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HomeWORLDSL's GDP allocation for education among lowest in South Asia: UNICEF

SL’s GDP allocation for education among lowest in South Asia: UNICEF

SL’s GDP allocation for education among lowest in South Asia: UNICEF. Image Source: IANS News

Colombo, Aug 17 : Battered by the worst-ever economic crisis in its post-independence history, Sri Lanka’s allocation of its GDP on education has become one of the lowest in the South Asian region.

Releasing the finding of a Ministry of Education (MoE)-led national assessment, UNICEF stated that currently, Sri Lanka allocates less than 2 per cent of its GDP on education, which falls well below the international benchmark of 4-6 per cent.

The study has revealed that around 1.6 million primary school children across the country are facing challenges due to the Covid-19 pandemic and the economic crisis, with 85 per cent of children in Grade 3 not achieving the minimum literacy and numeracy levels which is essential in their transition to secondary school and beyond, both in life and work.

The learning crisis has affected vulnerable children the most, including younger children in primary grades and those in plantation estates in the country, the study revealed.

The MoE and UNICEF had spearheaded a national initiative to help 1.6 million primary school children impacted by prolonged school closures and sporadic disruptions to their education over the past three years, to catch up on their learning.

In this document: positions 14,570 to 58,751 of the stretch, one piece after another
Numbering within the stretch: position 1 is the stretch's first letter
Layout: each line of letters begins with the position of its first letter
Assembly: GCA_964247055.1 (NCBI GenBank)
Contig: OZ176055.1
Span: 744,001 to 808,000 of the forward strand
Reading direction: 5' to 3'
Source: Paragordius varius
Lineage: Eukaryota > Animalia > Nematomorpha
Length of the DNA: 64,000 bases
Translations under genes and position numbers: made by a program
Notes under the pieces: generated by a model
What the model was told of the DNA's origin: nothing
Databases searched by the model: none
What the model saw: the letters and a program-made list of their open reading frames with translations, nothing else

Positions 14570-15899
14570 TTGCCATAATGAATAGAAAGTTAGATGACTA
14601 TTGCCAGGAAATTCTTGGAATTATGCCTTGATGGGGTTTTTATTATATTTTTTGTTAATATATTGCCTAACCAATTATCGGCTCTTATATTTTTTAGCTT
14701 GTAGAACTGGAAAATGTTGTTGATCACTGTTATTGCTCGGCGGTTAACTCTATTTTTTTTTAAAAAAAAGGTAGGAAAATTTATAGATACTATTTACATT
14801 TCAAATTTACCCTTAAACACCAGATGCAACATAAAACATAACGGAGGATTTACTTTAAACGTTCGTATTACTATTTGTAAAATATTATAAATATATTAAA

According to the national assessment, 85 per cent of Grade 3 children are not achieving minimum proficiency in literacy and numeracy, which is essential in their transition to secondary school and beyond, both in life and work.

“The basics of literacy, numeracy, and social economic skills are the platform on which children build their own, their families, their communities, and their country’s future,” said Christian Skoog, UNICEF Representative for Sri Lanka.

“We commend the MOE for its commitment to undertake urgent efforts to reverse the widening disparities in learning achievement for children who are lagging further behind, including slow learners, and missing out due to the continued hardship the country faces,” he said.

Addressing the launching of the national initiative to help children, Education Minister Susil Premajayantha had said: “There is an urgent need to increase the national budget allocation for education, especially for primary grades, where we need to boost foundational learning for children, while also ensuring the implementation of vital Education Reforms so that we can build the solid human resource skills needed to support the country’s development.”

In July, the MOE and UNICEF held a special briefing on ‘Learning Recovery’ to leverage the support of development partners, while more technical-level workshops were held across nine provinces, to identify gaps and prioritize actions.

The Covid-19 pandemic and economic crisis over the last three years had led to repeated closures of schools and continuous interruptions to the education system in the South Asian country with 22 million people.

With the dollar crunch, the prices of educational aids including schoolbooks and stationery items have increased forcing parents to crucial decisions on continuing the education of their children.

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